Sunday, June 29, 2014

Attack on Titans: Decisions

I just can't help writing down these analogies from Attack on Titans. Here's another post. Let me describe one scene relevant to today's topic.

The lead character Eren was in a situation where he had to make a choice: should he trust his teammates or trust himself to defeat the enemy. He chose to trust his teammates which led to all their deaths and he regretted his decision painfully. Eren was advised by the seasoned team leader earlier, one can never predict the results, so one should at least have a freedom to choose rather than being forced to make a bad decision.

Eren after he made the wrong decision

I highlight this story to try to illustrate two points:

1. The future is unpredictable, we will always make the wrong decisions. This is because we always work under pressure, with limited information and with lots of constraints. In investing, 40% of all investing decisions are wrong. But still, good investors can make good money.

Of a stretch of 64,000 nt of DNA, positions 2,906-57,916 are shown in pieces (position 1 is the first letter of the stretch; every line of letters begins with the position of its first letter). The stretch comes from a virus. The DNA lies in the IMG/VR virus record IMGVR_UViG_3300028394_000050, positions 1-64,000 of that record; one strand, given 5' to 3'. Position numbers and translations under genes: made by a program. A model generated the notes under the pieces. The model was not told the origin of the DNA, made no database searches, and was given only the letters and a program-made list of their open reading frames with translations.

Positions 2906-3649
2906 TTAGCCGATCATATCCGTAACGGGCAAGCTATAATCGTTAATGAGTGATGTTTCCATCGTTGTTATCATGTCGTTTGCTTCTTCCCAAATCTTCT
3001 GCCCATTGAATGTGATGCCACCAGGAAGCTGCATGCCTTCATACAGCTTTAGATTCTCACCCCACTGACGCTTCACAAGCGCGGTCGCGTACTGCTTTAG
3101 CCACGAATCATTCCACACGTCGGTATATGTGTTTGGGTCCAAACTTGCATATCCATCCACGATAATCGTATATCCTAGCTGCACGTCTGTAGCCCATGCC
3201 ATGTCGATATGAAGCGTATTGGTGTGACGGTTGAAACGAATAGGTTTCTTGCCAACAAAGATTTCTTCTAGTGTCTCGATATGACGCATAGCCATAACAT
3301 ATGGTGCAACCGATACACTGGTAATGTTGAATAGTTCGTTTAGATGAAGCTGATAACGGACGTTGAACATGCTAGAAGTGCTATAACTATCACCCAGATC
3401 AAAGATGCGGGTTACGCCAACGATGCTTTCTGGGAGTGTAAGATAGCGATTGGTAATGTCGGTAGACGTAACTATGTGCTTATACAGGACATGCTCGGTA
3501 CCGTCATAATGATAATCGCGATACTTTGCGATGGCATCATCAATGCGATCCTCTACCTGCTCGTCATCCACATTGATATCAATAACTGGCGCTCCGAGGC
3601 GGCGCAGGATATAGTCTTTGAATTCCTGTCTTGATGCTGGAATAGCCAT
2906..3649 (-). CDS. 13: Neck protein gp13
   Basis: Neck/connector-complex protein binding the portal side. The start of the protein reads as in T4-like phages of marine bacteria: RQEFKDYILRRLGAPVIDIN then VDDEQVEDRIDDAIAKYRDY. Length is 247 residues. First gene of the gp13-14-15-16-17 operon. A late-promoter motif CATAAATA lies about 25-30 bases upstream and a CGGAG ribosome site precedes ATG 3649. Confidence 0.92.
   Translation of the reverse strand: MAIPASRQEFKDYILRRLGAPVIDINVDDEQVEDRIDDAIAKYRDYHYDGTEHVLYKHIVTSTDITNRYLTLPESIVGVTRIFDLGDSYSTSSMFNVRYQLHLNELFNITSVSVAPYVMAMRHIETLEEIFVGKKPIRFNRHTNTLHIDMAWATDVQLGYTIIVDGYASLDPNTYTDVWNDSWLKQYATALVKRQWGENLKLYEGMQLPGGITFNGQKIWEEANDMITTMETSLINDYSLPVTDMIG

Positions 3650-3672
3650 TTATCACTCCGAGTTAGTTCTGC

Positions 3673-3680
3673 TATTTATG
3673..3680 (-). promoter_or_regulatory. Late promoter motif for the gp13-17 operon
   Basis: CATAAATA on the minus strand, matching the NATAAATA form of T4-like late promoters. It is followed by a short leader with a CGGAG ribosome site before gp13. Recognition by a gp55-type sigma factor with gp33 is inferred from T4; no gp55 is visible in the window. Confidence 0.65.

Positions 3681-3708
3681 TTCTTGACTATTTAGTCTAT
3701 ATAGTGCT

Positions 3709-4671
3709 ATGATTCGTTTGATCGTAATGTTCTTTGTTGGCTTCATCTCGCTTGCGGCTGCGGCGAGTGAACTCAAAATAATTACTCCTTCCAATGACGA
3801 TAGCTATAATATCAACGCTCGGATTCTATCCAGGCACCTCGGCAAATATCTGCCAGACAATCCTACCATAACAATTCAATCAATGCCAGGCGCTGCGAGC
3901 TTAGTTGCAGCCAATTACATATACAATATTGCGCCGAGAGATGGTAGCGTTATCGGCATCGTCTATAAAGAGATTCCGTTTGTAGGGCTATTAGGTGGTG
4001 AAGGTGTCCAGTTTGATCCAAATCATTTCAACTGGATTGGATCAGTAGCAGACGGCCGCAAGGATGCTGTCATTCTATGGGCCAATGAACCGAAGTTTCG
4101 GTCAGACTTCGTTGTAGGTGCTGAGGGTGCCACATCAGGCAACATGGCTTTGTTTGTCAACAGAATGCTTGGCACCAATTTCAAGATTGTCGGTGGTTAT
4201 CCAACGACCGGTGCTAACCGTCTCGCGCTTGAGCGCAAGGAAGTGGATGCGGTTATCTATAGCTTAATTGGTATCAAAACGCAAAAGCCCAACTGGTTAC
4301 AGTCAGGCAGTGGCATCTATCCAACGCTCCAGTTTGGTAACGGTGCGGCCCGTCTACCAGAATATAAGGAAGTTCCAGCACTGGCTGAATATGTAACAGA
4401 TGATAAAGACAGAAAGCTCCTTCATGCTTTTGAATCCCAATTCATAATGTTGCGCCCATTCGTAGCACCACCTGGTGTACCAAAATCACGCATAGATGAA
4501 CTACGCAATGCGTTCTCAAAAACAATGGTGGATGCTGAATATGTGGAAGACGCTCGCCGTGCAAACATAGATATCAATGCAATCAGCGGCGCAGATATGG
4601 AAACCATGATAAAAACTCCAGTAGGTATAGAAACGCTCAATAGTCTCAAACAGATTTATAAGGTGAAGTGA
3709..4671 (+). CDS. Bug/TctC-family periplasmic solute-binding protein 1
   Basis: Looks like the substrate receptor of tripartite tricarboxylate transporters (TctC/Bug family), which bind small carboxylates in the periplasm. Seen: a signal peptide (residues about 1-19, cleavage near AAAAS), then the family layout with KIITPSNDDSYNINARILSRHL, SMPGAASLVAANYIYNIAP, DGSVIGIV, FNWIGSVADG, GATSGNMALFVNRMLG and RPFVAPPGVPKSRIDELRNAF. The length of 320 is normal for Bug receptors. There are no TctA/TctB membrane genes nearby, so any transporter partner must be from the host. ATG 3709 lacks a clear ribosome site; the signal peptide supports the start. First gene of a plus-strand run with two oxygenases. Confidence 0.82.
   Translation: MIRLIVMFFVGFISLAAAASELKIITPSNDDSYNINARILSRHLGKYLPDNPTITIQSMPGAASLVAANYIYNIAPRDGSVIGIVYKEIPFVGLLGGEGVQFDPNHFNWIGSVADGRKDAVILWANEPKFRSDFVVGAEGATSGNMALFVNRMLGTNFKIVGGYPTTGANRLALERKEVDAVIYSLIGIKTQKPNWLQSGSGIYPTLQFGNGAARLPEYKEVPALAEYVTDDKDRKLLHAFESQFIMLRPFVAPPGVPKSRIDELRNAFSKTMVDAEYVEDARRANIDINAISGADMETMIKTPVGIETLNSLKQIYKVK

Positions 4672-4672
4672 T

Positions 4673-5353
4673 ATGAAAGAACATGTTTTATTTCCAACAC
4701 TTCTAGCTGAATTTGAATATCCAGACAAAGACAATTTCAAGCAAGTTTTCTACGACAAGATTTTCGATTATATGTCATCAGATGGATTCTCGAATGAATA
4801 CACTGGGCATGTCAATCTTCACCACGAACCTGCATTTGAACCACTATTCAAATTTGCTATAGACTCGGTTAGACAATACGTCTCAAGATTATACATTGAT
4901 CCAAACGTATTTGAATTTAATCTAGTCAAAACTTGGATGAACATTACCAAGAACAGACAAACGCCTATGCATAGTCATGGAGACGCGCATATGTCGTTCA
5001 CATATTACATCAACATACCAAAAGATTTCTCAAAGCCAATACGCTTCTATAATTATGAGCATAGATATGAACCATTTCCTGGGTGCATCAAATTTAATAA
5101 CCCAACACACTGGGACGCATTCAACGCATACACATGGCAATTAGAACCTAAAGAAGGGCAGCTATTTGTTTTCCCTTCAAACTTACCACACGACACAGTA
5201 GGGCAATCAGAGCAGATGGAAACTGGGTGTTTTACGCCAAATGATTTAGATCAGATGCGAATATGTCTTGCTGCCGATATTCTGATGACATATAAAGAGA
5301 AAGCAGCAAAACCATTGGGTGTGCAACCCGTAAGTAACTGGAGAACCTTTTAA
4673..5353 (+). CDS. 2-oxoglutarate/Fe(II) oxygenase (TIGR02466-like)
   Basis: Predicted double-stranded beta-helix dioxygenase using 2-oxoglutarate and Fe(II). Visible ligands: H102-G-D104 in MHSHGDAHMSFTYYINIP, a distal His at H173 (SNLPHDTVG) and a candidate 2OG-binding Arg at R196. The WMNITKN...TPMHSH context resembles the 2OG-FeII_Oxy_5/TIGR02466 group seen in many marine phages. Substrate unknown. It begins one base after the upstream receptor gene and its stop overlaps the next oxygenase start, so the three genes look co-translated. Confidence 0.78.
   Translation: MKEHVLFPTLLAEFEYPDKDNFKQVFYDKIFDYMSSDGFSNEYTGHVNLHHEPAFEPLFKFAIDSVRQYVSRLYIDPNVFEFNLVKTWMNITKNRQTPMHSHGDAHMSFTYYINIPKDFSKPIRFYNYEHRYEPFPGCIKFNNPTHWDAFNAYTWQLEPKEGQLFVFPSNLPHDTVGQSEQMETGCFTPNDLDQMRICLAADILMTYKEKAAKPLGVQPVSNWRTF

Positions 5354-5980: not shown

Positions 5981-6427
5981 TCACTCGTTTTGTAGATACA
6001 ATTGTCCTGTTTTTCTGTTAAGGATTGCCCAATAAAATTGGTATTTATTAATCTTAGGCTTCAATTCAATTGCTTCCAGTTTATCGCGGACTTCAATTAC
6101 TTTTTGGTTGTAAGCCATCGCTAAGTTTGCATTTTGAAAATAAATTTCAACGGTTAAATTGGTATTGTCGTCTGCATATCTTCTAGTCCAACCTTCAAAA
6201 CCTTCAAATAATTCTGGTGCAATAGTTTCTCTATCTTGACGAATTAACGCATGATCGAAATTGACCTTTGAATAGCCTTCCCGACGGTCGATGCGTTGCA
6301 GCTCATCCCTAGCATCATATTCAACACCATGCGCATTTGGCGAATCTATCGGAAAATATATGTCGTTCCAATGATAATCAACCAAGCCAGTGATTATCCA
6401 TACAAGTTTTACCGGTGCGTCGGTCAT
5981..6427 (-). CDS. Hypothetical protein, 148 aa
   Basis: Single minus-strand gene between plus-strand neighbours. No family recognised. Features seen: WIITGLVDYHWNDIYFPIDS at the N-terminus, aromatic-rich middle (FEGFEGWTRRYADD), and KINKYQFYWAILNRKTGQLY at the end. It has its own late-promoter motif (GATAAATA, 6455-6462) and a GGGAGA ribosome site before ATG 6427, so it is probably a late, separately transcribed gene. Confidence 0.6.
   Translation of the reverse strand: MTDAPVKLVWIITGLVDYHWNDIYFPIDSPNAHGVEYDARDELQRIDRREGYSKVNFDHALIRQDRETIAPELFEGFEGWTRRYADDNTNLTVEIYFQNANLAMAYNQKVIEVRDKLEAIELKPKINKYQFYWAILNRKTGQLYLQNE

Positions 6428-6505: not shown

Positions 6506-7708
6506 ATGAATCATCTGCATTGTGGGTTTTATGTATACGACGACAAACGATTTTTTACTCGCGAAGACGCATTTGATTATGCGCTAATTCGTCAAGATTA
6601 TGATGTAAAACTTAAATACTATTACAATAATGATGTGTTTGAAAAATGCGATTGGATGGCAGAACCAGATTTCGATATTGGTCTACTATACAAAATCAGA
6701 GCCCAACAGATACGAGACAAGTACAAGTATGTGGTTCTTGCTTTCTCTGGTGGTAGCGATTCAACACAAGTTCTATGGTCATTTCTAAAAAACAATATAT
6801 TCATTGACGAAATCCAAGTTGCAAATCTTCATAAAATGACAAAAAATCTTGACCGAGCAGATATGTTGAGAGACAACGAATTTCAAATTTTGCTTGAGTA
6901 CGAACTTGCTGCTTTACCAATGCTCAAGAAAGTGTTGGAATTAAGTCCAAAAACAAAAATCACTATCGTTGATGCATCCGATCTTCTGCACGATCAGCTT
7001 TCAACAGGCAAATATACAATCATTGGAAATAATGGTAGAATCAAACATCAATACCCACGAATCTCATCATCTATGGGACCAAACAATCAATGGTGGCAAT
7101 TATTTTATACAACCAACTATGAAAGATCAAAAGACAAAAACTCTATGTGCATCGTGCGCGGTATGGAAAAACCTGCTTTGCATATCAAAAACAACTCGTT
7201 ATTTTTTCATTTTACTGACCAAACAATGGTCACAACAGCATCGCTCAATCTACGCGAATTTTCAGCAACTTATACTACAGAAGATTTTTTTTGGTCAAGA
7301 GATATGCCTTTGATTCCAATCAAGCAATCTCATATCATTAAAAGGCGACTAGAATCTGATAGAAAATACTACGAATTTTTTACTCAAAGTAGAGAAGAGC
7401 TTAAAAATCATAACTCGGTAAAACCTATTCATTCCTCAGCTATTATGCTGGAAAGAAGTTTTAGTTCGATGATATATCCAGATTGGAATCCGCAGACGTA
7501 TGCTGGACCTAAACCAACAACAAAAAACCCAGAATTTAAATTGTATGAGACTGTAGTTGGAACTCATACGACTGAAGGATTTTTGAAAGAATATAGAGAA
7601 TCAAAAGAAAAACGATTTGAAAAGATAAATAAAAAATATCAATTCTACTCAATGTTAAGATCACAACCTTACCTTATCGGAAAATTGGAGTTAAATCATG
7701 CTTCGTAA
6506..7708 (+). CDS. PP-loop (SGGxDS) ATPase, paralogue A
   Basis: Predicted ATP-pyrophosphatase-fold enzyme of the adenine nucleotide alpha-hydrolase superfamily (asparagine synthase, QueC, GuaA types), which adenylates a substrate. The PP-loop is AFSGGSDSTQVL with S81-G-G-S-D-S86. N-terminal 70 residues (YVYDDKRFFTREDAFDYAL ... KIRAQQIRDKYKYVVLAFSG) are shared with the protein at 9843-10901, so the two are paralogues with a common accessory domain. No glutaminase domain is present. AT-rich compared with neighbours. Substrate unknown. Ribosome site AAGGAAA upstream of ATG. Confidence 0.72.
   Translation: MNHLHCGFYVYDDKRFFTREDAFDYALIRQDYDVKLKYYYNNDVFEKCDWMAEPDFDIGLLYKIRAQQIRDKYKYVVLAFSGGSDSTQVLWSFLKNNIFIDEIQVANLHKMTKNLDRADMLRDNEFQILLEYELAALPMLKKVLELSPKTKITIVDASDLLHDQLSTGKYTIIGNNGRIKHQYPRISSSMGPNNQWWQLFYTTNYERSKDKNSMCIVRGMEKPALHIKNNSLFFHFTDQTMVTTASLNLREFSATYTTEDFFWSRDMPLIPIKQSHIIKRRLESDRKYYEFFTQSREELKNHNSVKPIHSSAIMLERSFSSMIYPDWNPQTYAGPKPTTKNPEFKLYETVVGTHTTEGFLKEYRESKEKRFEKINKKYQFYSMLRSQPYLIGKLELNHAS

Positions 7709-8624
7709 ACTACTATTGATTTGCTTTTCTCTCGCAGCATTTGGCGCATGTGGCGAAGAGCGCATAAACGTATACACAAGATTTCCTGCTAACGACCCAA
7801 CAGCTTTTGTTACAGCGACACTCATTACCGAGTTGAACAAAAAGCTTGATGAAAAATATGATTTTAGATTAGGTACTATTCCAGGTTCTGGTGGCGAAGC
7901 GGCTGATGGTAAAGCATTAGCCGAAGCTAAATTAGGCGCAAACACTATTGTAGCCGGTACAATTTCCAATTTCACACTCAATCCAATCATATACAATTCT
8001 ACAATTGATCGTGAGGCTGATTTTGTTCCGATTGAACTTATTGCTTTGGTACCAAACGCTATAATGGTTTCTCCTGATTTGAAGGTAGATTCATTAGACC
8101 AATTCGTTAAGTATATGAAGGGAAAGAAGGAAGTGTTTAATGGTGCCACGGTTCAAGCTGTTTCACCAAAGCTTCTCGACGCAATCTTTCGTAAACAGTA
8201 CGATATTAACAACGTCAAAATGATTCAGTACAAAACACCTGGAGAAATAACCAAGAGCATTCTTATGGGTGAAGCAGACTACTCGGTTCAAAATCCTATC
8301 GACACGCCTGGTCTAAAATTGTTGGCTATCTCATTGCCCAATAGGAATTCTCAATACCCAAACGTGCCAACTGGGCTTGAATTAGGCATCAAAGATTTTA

2. The more important task is then focusing on the process of decision making, rather than the outcome. Amateur people focus on outcome and not the process. This second point is very important in life.

Let's just expand on the two points above that hopefully can help us make good decisions.

On Pt 1, we must always remember that we cannot predict the future. We may think we are smart, have done our homework, have a relevant understanding of what can happen and hence should be betting well. The answer should be more profound than that.

An important angle in understanding Pt 1 is to know what is the worst case scenario. Once we understand that, we make decisions that try to avoid a scenario that is unacceptable. Another way of putting this is to measure the risk reward of a decision or a bet. If we are only losing 20% in a worst case scenario and we make 100% on a base case scenario and 200% in the best case scenario, then it's an easy, brainless decision.